Assuming the $2000 figure is true, that's before you take your first photo. Film is MORE expensive than digital. Why do you think digital took off before the quality even compared to film?
I live in a country without a 5x4 film retailer and I'm not sure about development. So I'll look at UK prices:
1 pack of 10 sheets of 5x4 film: ~$40 (Robert White)
Development, per sheet: ~$4.50 (The Vault)
So the cost of shooting just 1000 images per year is $8,500 and that doesn't include the cost of many trips to the lab and back, and many hours spent scanning, etc. Clearly this gets expensive quickly. I shoot more like 10,000 images per year. Ouch.
Well some people have already compared a 39MP digital back to 5x4 film and there isn't a big difference. Scanning backs are already up to 139MP - ahead of 5x4 quality. I'm fairly confident that the next jump up from 39MP in one shot backs (60MP?) will match 5x4 quality, and it won't take 20 years to happen.
Using 4X5 solely for the resolution improvement is missing the point. The real advantage is having complete control of perspecitive and focal plane using movements. You can do things with view cameras built 60 years ago that are simply not possible with the latest DSLR, or the vast majority of MF cameras, including the newer ones designed specifically for digital.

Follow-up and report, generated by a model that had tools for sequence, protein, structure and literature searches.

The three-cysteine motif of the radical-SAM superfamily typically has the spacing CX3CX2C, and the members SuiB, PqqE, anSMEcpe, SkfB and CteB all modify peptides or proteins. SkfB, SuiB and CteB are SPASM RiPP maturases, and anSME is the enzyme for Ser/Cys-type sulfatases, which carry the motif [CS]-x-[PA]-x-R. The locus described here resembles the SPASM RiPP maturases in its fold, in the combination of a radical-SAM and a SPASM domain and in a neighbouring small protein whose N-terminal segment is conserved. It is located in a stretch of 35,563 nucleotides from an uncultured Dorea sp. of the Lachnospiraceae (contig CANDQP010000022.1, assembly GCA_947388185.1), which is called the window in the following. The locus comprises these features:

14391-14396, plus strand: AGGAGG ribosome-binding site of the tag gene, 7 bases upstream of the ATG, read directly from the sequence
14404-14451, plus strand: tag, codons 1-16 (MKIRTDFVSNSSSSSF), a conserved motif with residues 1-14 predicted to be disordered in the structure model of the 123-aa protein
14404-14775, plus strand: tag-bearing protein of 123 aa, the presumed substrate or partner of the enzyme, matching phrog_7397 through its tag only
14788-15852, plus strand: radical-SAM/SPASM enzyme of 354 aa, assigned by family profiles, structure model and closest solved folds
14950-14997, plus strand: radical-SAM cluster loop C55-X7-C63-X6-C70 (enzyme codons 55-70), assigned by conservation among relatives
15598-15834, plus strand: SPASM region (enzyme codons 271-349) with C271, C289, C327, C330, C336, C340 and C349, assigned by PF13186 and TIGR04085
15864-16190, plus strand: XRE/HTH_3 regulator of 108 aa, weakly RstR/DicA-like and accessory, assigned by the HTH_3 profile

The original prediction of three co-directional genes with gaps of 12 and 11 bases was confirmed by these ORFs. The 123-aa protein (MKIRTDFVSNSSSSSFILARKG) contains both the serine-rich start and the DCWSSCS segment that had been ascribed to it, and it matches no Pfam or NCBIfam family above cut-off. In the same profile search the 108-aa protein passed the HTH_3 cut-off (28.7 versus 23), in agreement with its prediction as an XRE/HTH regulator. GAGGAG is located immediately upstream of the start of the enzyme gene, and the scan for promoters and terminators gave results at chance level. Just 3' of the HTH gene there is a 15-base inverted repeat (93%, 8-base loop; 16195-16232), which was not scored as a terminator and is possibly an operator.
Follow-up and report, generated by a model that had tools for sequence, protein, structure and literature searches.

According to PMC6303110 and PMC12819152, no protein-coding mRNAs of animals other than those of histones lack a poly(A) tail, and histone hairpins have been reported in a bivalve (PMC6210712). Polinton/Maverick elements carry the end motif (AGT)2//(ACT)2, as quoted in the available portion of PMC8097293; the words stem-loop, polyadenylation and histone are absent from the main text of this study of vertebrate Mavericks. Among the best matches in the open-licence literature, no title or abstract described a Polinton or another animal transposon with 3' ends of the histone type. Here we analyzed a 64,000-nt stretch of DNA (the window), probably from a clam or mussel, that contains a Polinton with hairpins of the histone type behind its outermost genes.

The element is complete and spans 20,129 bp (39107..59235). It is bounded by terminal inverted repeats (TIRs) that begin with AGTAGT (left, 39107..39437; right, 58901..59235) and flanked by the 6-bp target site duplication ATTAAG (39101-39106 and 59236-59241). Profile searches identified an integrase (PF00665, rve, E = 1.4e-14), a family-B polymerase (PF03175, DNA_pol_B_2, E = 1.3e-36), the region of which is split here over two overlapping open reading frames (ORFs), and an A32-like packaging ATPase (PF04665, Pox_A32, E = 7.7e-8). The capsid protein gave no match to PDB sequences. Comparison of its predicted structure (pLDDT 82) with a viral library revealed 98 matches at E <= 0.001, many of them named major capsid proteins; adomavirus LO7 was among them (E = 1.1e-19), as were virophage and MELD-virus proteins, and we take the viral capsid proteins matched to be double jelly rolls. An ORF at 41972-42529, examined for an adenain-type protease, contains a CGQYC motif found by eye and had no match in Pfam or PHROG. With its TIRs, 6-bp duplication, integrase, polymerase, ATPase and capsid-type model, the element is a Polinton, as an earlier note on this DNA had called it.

And I bet there aren't very many view camera users who shot 1,000 frames of 4X5 in a year (maybe some architecture specialists, or fine art landscape guys). You just don't pull out your 4X5 and start shooting away blindly. Takes too long to consider all the possibilties, unless you're endowed with the talent and experience of St. Ansel or something. You may even spend a whole day looking for a great shot without ever setting up the camera. At least that's the way I work with them.
And there's the rub. If you only use a 4X5 to take a few dozen shots per year, it's going to be a long, long time before some sort of digital capture process can be justified in economic terms. I think rinderart is absolutely right.
Having said that, if someone comes up with a way to do full movements on a digital camera, for under about $7000, and without requiring some hyper exotic and expensive solution for wide angle lenses, I'll be all over it. But I'm not holding my breath either.